South Caribbean

A region that has beautiful beaches bordered by dense vegetation and in some cases, gilded with complex coral formations of great importance for the balance of the marine ecosystem. Spectacular diving sites.

 

It extends from the south of the city of Limón to the Sixaola River, southward, which forms a natural border with Panama and westward to the eastern base of the Cordillera de Talamanca, a mountainous region, with rich biodiversity, with a wide network of rivers and forests of impressive heights, reaching up to 50 meters.  To the east its natural boundary is the Caribbean Sea, endowed with a coastline of great beauty.

 

Among its beaches of crystal waters are: the much visited Viscaya Beach where the mouth of the Viscaya River is located, which is ideal for swimming; Playa Negra  in Cahuita, with dark colored sand and scenic beauty.

 

Continuing the tour along this straight coastline you will reach the Cahuita National Park, a beautiful area that protects not only the terrestrial flora and fauna but also its unique marine ecosystems. Here lies Playa Blanca, of great scenic beauty; Punta Cahuita, surrounded by the most important coral reef of the Costa Rican Atlantic, with an area of 600 hectares, about 500 meters from the coastline; Puerto Vargas, calm waters whose waves become strong near the mouth of the Carbon River.

 

Heading south, between the Carbon River and the Gandoca-Manzanillo Wildlife Refuge, we find the town of Puerto Viejo and Cahuita, further to the south, with a cultural mix with more than 50 nationalities.  Westphalia and Penhurst, on the other hand, are quiet towns with a strong presence of Afro-Caribbean culture.

 

Along the coastline, the beautiful beaches of Playa Negra (Puerto Viejo), with black sand and Playa Cocles with white sand, home to a small coral reef abundant in marine life.

 

 Playa Chiquita (with coral formations) and Punta Uva (next to Manzanillo) also stand out, with strong currents, virtually white sand and its own coral formations. 

 

Near the end of the Caribbean coastline are the beaches of Manzanillo and Gandoca , which are part of the Gandoca Manzanillo National Wildlife Refuge. Here there are several reef points jutting out from the surface and the surf is gentle.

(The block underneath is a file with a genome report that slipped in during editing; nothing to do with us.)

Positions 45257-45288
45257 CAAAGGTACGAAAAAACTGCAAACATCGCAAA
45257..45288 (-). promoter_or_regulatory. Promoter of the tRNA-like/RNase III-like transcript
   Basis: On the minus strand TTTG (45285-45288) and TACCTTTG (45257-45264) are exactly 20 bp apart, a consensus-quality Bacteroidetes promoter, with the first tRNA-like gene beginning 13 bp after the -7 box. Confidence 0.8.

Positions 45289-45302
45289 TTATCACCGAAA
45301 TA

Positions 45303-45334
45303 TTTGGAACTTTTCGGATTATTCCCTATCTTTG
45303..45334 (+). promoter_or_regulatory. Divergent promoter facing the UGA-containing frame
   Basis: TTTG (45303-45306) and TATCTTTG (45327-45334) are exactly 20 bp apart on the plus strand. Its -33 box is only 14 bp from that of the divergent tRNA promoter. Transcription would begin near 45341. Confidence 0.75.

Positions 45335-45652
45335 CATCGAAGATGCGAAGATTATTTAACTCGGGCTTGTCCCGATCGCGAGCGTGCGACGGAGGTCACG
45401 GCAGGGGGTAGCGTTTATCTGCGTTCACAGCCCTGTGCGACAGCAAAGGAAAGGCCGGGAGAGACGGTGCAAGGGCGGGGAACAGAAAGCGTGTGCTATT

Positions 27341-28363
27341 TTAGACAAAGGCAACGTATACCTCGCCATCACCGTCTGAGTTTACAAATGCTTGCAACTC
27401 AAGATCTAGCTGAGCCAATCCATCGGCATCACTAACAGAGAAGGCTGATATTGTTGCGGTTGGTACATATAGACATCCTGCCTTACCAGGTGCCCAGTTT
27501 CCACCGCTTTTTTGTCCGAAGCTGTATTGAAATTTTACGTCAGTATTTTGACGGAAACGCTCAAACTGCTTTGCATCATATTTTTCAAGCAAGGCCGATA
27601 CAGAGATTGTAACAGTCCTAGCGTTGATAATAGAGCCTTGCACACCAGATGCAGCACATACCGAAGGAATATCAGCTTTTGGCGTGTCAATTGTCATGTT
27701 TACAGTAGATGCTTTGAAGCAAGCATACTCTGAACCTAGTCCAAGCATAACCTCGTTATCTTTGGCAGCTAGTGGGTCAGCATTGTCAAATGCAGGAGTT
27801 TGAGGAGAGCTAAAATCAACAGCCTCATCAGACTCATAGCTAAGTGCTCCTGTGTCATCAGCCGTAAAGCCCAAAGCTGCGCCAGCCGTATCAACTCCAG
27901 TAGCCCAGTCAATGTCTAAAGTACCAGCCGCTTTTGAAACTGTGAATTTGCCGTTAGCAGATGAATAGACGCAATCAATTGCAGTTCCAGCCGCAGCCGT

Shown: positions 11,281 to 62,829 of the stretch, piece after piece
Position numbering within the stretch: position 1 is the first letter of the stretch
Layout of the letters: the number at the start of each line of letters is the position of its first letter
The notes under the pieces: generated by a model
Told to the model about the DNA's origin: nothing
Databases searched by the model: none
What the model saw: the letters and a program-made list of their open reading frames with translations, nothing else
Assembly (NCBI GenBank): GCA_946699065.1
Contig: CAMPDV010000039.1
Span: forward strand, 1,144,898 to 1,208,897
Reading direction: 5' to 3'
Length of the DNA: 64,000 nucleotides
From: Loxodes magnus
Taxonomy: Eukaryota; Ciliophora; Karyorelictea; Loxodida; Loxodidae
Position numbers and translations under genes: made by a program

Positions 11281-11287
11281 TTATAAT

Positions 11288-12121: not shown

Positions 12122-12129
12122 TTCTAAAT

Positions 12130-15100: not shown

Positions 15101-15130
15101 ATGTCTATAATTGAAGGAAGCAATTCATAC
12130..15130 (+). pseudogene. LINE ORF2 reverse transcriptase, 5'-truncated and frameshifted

The Gandoca Lagoon is another attractive natural site that is fed by the gentle Mata Limón creek with the Gandoca Wetland produced by the overflow of the Sixaola River where a great variety of aquatic birds seek their food. 

 

Towards the Talamanca Mountain Range, the indigenous Bribri population that inhabits this region has witnessed for centuries the changes that the South Caribbean has undergone and remains faithful to their traditions by making a great variety of traditional handicrafts as an economic support and as a tool for recreation and cultural preservation. 

 

Also as an example of sustainable development is the Keköldi Indigenous Reserve, which is part of the Talamanca Ecotourism Network as it has environmental projects, a world-renowned bird of prey observation platform and a green iguana hatchery.

 

The Talamanca Mountain Range is made up of the La Amistad Biosphere Reserve, a large territory that protects more than 40 species of mammals, such as the jaguar and the tapir, as well as an abundance of birds and amphibians. This imposing territory has the highest peaks in Costa Rica and concentrates the largest number of protected areas and indigenous reserves, among which are the Tayni Indigenous Reserve, the Chirripó Indigenous Reserve, the Talamanca Bribri Indigenous Reserve and the Hitöy Cerere Biological Reserve, whose name comes from the Bribrí language, which means green mantle and clear waters due to its dense vegetation of high forest (up to 50 meters) and rivers that form waterfalls of breathtaking beauty.